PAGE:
Like most venue owners, Nicole Cacciavillano, who runs the underground electronic music club The Black Box, is disheartened by a recent statistic from the National Independent Venue Association: 90 percent of independent music venues could be forced to close because of revenue lost during the COVID-19 pandemic.
“It's sad to see these statistics,” she says. “Independent venues are the foundation of the music industry.”
That foundation has been crumbling since March, when clubs and theaters went dark in an effort to slow the spread of COVID-19. Now the industry faces a tough question: Will venues be able to figure out a way to beat the odds and stay open?
If they want to survive, they need to be innovative, says Cacciavillano: “Venues need to get creative. I find that merch, loyalty cards or other platforms for fan connection can help a lot. Venues can look into streaming, and use this downtime to showcase the artists they support and the sounds that they built their venues upon.
"I feel fortunate enough to share that we have had some real support,” she adds. “Slug Wife, Spicy Bois and Caspa have helped. Artists such as Jake Amason, and Dice51 have also helped by creating custom merch for us. Our dedicated local fans have really kept us going, and have been generous enough to donate. I have been so moved about the support we have received from everyone. It's hard to put it into words."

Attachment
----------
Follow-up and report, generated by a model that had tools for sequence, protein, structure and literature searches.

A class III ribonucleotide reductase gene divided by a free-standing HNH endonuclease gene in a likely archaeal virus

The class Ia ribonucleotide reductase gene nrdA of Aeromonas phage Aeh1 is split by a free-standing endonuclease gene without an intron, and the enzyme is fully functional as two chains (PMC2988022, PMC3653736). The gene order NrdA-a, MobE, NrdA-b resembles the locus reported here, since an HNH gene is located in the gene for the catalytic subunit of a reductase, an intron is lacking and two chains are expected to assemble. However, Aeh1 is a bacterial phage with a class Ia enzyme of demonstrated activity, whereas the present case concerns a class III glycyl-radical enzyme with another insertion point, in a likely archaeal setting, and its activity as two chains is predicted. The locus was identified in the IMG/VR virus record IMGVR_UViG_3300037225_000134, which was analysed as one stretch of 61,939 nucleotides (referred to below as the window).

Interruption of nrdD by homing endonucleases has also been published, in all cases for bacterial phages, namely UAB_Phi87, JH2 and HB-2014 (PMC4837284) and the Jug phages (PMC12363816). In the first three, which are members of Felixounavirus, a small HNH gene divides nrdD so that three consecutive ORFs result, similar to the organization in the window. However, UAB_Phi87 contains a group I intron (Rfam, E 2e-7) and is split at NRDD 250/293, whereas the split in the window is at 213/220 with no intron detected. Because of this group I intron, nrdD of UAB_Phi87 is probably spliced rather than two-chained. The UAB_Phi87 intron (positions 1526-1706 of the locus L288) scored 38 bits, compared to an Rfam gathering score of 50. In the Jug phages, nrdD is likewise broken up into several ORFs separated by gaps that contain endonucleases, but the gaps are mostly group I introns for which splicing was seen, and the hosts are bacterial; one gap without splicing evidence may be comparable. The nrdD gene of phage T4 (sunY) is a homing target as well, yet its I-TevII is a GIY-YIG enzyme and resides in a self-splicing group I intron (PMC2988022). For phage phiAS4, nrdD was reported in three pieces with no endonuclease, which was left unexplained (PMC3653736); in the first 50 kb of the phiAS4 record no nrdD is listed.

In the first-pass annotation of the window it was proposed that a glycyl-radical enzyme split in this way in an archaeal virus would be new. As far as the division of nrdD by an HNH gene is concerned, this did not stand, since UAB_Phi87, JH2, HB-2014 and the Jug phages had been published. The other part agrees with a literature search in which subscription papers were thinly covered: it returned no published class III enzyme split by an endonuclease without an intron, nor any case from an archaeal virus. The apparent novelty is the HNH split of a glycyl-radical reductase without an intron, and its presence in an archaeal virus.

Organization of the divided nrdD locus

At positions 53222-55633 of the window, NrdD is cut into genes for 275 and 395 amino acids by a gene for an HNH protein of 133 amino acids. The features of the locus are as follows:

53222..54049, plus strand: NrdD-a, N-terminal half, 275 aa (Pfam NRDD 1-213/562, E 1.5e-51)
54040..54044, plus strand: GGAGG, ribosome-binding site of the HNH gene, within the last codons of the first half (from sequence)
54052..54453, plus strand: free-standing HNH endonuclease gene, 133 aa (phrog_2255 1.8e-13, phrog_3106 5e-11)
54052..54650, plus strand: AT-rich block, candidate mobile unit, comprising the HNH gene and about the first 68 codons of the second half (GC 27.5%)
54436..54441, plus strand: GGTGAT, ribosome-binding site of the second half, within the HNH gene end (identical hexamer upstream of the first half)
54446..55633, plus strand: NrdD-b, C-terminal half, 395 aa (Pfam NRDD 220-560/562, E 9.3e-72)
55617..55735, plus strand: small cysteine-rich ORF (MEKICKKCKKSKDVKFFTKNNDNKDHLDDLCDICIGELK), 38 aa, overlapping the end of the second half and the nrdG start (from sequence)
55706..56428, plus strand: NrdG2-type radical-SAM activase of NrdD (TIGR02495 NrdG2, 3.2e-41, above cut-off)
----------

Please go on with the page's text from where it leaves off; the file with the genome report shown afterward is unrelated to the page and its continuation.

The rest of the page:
Restrictions on venues, bars and clubs have been shifting almost weekly; many promoters are confused about what’s permitted and are operating under various interpretations of the stay-at-home and shelter-at-home orders.
On May 31, LoDo's Bar & Grill threw one of the first permitted parties, called End of Quarantine: A Sit Down Dance Party. Black/Tuesday, Bindle and Gary Givant played. As the name suggests, people had to stay seated unless they were walking to the restroom.
TheHundred Presents has had more success hosting some socially distanced, outdoor parties at Club Vinyl and Bar Standard. So far, shows have included house and techno producers such as Andy Immerman, Movesayer, Dsqise and more. Organizers ask guests to use face masks, limit capacity and check temperatures at the entrance.
Some die-hard fans don't think the hassle is worth it. Christine Aletti, a local promoter and avid dance-music fan, says, "For me, so much of music is tangible and experienced in my body. Being around people, moving with them, running around an event to say hi and laugh — this is how I experience electronic music. Being six feet away in your own bubble kind of defeats that purpose."
As far as revenue goes, small outdoors parties offer little compared to what promoters expect this time of year, leaving venues wondering if they will survive in the long run.
Musicians are also panicked about income. Most have stopped touring for the foreseeable future, out of safety concerns and because artist rates are lower.